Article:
N.J. to Let Community Garden-Grown Produce in Public Schools

The New Jersey General Assembly has passed a bill will allow produce grown in community gardens to be used to feed children at school.

Greensgrow Urban Farm in Philadelphia. Credit: Flickr user elizabethps

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The New Jersey General Assembly unanimously approved a bill on Monday that will allow state schools to serve produce grown in community gardens.

“Community gardens are an untapped resource to provide healthy, low-cost snacks for our state’s children, especially those living in food deserts,” said Assemblyman Gilbert Wilson, the Camden County Democrat who drafted the bill, in a press release. “We need to create multiple opportunities to combat childhood obesity, which is plaguing the children living in our urban areas.”

The bill will require community gardens to follow federal, state and local health and sanitation requirements. Soil and water used in cultivating the produce must also be tested to ensure the produce is safe for consumption.

Monday’s bill is the second sponsored by Wilson that encourages access to healthy food in neighborhoods considered “food deserts,” or those that suffer from limited access to produce and fresh food.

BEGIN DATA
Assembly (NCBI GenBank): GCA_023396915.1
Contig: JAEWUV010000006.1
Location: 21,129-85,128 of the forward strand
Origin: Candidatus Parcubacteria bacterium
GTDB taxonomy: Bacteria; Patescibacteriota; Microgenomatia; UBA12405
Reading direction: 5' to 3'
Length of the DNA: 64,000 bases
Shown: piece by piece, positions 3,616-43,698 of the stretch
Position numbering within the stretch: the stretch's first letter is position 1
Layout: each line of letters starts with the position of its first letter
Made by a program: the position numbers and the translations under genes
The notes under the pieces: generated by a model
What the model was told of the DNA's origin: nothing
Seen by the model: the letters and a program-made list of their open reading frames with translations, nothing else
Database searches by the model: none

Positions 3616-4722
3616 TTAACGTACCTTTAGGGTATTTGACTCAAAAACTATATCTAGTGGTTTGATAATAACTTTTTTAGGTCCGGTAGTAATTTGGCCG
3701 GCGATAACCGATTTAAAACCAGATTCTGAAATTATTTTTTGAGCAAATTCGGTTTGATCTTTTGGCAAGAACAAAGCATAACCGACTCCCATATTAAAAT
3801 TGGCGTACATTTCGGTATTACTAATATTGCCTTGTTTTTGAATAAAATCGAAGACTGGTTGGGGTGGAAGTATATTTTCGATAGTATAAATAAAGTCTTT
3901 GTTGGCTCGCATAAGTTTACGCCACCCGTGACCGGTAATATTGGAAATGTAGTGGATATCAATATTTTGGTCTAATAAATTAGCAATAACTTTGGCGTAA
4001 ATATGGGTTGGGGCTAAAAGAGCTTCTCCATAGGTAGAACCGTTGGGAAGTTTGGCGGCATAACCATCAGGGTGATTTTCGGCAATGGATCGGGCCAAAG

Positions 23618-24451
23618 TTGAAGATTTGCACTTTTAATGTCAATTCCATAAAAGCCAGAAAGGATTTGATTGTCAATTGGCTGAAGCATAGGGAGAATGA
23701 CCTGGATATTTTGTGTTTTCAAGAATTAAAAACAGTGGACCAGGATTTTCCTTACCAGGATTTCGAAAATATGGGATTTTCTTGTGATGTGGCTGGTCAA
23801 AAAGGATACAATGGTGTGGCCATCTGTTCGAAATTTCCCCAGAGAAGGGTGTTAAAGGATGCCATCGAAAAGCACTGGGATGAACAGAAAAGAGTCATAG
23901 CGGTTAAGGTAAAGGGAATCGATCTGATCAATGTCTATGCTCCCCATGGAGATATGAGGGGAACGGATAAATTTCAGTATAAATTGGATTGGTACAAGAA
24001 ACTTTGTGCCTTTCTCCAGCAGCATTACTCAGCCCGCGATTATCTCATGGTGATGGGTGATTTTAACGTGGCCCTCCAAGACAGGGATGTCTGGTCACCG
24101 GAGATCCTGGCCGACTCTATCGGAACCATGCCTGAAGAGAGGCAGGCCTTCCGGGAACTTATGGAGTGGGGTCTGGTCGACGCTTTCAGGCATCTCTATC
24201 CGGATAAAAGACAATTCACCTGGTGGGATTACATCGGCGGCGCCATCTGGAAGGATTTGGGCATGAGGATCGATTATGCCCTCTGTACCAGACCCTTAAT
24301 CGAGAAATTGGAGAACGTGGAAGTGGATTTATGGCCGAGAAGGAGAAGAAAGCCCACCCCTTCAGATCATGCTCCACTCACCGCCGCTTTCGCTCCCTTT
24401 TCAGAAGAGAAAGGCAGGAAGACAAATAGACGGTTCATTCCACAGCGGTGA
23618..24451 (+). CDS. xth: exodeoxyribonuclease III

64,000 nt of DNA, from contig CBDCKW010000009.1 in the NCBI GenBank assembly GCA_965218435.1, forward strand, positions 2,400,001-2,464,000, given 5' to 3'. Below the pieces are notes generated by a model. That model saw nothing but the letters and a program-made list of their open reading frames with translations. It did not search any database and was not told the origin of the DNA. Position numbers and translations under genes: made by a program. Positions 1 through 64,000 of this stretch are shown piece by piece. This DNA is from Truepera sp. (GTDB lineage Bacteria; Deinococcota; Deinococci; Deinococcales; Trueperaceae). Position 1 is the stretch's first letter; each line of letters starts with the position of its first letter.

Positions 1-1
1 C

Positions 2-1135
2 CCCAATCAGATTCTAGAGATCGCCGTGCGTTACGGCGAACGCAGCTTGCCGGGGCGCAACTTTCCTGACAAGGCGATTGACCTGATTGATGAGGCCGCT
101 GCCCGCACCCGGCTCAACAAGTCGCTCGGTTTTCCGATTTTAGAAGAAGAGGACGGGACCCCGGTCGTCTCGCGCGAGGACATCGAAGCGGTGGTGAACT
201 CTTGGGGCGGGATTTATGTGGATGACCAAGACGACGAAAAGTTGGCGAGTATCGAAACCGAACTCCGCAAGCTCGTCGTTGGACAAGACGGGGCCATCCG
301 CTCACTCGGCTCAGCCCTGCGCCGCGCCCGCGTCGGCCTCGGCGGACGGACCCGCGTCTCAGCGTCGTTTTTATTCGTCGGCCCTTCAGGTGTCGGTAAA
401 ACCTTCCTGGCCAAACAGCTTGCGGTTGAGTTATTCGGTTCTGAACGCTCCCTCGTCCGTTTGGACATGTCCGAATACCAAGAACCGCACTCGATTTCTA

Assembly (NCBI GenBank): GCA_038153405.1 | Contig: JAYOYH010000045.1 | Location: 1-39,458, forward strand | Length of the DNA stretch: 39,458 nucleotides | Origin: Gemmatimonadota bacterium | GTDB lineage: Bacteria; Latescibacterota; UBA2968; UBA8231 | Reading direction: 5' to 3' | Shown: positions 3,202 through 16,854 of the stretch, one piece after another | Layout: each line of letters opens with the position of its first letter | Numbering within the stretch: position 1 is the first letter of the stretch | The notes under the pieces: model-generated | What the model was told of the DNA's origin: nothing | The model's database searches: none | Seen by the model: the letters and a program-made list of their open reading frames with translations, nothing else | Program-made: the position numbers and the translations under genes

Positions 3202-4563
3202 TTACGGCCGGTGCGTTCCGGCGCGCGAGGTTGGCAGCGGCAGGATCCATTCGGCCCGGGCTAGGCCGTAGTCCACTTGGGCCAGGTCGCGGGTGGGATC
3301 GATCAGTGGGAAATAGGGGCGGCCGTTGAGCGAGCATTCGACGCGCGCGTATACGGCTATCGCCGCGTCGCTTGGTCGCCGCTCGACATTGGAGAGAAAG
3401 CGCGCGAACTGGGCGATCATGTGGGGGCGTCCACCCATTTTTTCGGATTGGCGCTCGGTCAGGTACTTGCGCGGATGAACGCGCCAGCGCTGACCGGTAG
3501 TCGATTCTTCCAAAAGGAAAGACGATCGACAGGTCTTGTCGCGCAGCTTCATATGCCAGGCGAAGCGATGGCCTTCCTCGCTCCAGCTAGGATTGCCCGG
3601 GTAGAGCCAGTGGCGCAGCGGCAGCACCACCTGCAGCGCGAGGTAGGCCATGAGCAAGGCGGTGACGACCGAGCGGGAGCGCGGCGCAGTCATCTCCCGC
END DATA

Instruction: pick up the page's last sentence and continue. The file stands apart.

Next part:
In January 2012, the Assembly’s Fresh Mobiles bill, which created a pilot program that allows a non-profit to sell produce year around throughout various locations in Camden, was signed into law. The Camden Children’s Garden, a 23-year-old organization that maintains a garden at the Camden waterfront, initiated the pilot program.

Access to healthy food has been limited in Camden. The city of 77,000 currently has only one full-sized grocery store.

The lack of grocery stores in urban areas makes residents more dependent on corner stores that lack healthy options. A research study conducted by Temple University in collaboration with The Food Trust found that urban school children in Philadelphia relied heavily on corner stores for their nutritional needs.

The study also found that 29 percent of the children visited their corner store twice a day, five days a week, typically on their way to and from school. The study also states that children consumed an average of 350 calories per visit.

In response to high obesity levels in urban areas that lack healthy food options, the Camden-based Campbell Soup Company has pledged $10 million to combat childhood obesity and hunger in Camden over 10 years. This includes introducing healthy food options to corner stores in two different neighborhoods.

Camden is hardly the only place in America where residents lack access to healthy food. As David Lepeska reported in a recent Forefront story, “about 50 million Americans face food insecurity, and another 23.5 million live in designated food desert neighborhoods with higher incidences of obesity and dietary diseases.”

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Tags: healthurban farmingfood desertsnew jerseycamden

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